For this community exposure, the team visited the Regional Health Unit to gather secondary data from the Dug Susceptible TB Register from 2015 through 2017, and from the NTP Laboratory Register. The team discovered that Barangay Sinai has had eight patients diagnosed with Tuberculosis within the span of 2015-2017, all of which were pulmonary in anatomical site. As of January 2018, only one is still undergoing treatment and out of the seven other patients who had completed their treatment, only three were declared as cured (smear- or culture-negative in the last month of treatment and on at least one previous occasion in the continuation phase). Out of thae eight patients, three were retreated due to relapse, which means that they still got clinically diagnosed or bacteriologically confirmed to have TB even after being declared as cured. Two out of the eight patients also were retreated because of treatment failure. The team also probed the RHU’s access to medical resources and facilities, and it was discovered that they have no real access to the determination of drug resistance, i.e. they have not utilized access to GenXpert in Dapitan and they no access to culture centers with drug susceptibility testing and PMDT centers. With the said problems, it was determined that the issues can be attributed to poor compliance to TB management protocols (as per NTP); which might include poor compliance to medication, poor monitoring, poor follow-up after treatment, lack of knowledge and information dissemination, lack of access to TB treatment resources and facilities, and so on.  The team also conducted a survey so as to find new presumptive TB cases and referred such cases to the RHU.

For the coming ten-month exposure, Team Sinai plans (1) to increase the knowledge of the TB patients and the TB concerned health workers by conducting health teachings (house-to-house and at the RHU, respectively); (2) to strengthen the barangay’s monitoring system by appointing a new health worker to specifically monitor and educate the TB patients, (3) to improve case detection in barangay Sinai by conducting quarterly case findings in all of the puroks in barangay Sinai; and (4), to improve treatment outcomes by collaborating and improving the barangay’s access to drug susceptibility testing through GenXpert, Culture centers, and/or PMDT centers.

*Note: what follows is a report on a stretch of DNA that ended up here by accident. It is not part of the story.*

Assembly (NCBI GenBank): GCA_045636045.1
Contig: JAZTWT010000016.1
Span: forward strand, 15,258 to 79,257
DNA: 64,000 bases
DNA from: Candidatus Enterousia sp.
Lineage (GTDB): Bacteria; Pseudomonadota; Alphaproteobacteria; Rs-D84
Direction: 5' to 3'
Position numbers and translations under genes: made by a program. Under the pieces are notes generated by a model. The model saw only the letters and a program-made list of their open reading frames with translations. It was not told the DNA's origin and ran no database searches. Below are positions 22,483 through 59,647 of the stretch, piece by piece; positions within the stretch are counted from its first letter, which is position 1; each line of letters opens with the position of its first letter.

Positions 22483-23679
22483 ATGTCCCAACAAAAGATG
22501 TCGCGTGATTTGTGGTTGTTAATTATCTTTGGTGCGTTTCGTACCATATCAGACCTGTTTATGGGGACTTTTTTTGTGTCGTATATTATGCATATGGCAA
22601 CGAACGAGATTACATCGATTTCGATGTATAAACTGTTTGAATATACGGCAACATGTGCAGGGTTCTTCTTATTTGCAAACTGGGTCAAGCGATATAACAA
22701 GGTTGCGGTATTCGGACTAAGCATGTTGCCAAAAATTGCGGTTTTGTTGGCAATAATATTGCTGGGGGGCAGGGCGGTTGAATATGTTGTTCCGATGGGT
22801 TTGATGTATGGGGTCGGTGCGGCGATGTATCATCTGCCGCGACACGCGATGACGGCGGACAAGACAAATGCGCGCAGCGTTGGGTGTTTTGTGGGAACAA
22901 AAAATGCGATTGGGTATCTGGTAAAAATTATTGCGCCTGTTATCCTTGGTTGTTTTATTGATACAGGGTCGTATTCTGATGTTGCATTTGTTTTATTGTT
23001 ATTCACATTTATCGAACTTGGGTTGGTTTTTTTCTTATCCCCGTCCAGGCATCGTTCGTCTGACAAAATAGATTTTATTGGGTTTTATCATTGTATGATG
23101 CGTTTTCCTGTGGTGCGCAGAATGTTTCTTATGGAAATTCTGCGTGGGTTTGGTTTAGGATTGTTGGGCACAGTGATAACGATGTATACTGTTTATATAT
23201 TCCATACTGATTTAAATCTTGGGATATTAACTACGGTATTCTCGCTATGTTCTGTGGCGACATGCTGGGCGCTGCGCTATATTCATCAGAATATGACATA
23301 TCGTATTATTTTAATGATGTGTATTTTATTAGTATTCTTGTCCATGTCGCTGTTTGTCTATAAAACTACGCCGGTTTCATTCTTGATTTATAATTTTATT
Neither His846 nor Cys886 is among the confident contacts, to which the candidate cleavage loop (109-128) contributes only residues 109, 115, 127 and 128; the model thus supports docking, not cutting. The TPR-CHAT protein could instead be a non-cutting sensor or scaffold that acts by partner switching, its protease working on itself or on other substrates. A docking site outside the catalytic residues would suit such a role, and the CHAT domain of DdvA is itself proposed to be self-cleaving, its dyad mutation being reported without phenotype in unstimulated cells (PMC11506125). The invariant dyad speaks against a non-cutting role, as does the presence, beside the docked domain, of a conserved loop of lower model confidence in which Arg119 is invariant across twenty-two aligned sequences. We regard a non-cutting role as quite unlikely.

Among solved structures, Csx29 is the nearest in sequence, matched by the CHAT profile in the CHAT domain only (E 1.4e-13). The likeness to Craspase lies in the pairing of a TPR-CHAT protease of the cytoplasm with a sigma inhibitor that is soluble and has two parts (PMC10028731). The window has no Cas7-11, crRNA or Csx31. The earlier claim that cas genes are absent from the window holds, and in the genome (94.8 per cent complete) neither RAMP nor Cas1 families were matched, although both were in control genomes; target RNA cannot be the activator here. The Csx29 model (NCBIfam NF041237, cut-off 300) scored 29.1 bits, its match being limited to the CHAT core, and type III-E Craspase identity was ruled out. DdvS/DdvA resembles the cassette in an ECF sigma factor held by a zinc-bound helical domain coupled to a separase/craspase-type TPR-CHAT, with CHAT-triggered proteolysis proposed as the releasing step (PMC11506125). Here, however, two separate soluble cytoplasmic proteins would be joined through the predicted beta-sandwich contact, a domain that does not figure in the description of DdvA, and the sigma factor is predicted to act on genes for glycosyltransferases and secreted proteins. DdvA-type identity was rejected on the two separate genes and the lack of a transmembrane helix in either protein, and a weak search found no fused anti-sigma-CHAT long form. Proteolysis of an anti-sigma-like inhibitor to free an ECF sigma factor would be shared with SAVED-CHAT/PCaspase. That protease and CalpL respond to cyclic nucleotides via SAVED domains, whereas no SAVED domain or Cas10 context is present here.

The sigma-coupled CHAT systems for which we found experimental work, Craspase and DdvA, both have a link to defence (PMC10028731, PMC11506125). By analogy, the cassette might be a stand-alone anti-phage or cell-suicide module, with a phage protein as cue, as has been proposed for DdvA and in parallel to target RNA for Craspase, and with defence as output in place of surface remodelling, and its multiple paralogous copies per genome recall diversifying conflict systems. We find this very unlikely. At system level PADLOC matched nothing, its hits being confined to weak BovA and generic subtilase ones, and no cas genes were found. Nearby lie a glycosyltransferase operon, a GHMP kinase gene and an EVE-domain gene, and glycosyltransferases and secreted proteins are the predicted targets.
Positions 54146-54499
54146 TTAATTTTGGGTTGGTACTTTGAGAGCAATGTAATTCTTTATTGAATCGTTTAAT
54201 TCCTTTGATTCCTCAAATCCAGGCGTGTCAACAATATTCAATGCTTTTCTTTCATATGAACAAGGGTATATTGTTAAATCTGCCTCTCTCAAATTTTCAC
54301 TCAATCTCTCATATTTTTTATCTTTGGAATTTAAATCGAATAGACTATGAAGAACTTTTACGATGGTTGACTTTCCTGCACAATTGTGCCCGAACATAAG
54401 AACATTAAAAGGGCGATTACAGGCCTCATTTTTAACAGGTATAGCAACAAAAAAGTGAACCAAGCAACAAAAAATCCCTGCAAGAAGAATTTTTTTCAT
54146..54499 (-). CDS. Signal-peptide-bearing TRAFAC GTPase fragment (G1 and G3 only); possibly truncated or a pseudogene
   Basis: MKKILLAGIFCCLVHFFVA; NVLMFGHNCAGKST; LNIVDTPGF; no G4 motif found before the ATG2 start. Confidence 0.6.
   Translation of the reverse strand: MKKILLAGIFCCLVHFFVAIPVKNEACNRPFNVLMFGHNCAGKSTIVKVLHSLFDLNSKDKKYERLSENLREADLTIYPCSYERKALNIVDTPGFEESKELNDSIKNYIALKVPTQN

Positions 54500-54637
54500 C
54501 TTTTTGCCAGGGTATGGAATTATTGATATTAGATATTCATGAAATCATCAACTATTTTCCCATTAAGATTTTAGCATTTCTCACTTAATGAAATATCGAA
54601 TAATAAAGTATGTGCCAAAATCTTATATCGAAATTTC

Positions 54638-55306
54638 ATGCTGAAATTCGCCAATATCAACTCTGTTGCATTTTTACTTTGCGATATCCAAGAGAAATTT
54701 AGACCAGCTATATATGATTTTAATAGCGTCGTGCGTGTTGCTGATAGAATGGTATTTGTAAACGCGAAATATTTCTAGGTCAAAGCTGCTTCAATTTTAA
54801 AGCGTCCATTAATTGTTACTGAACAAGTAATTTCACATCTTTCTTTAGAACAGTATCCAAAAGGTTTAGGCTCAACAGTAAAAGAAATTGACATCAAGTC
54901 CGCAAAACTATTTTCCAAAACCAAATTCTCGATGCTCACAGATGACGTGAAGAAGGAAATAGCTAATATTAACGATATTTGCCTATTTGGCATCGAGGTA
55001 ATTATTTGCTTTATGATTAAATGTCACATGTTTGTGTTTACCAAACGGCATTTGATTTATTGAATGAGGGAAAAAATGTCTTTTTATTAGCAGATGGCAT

As community devoted medical doctors, Team Sinai aims to make the people of our barangay fully equipped and self-sufficient in combating tuberculosis as one of their most serious problems. And as Joan Halifax, compellingly once said:

“If compassion is so good for us, why don’t we train our health care providers in compassion so that they can do what they’re supposed to do, which is to transform suffering?”

– Revantad

Updates

Our community group is assigned in Barangay Sinai, Sergio Osmeña. This will be our 1st community exposure as third year students. The top main communiy health concerns that needs to be addressed includes Malnutrition, hypertension, rabies, solidwaste, and our newest topic on TB. We have divided the group into into smaller specialized groups to be the keypersons in handling the problem. So far we have already accomplished multiple tasks which helped in achieving our general objective in our community health plans. Examples of the current activities and strategies done within this 1-month exposure includes making a hypertension core group, communal garden planning, clean-up drive, ocular survey, gathering of primary and secondary data, etc.. as we go through our years spending time with each other and with the comunity people, they became our irrepaceable experiences and memories we cherish.

-Lim

What’s the Hype on Hypertension?

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Hypertension is one of the scariest conditions any person could have. First, because it is generally asymptomatic. Second, it becomes a stepping stone for other diseases. Lastly, once you have hypertension, you’ll always have it.. (may forever sa hypertension). That’s why hypertension is a big deal! It not only causes problems to your heart and blood vessels, it also causes problems to other organs like the kidney, liver and even your eyes! We should not wait for the start of complications to set in..

KNOW YOUR BLOOD PRESSURE

..in that way, we can control and prevent co-morbidities to set in.

During our fifth community exposure in Barangay Sinai, we did a resurvey and was able to accomplish 50% of the total households. We found out that among the 159 people we checked, 117 were hypertensives. That’s roughly around 73%. The good news though is that 29% of these hypertensives are now taking medications and are allegedly, complaint. We are now working on creating or adapting an intervention that would help us monitor these hypertensives when it comes to taking their medications everyday. Although we now have 4 members in our core group, I doubt they would be able to monitor all hypertensive individuals taking medications. But aside from the medications, the members of the core group are now competent enough to detect and monitor hypertensives by taking their blood pressures.

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Logbooks were also given for each member for their corresponding purok assigned.

Pink for purok Mahogany

White for purok Kalobian

Orange for purok Mangga

Blue for purok Porungan

They were also given instructions on BP taking as well as notes on when to refer and what health teaching they could impart to hypertensives they encounter.

For the succeeding exposures, we aim to minimize uncontrolled hypertensives to 50% and I believe it’s doable since we’ll be living in the community for 10 months.

More updates soon.

Jayvalikka

 

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January2018 Immersion Video

This is a short video presentation, representing some of our activities done in Barangay Sinai, Sergio Osmena during our 1 month long immersion (January 4, 2018 to January 30, 2018).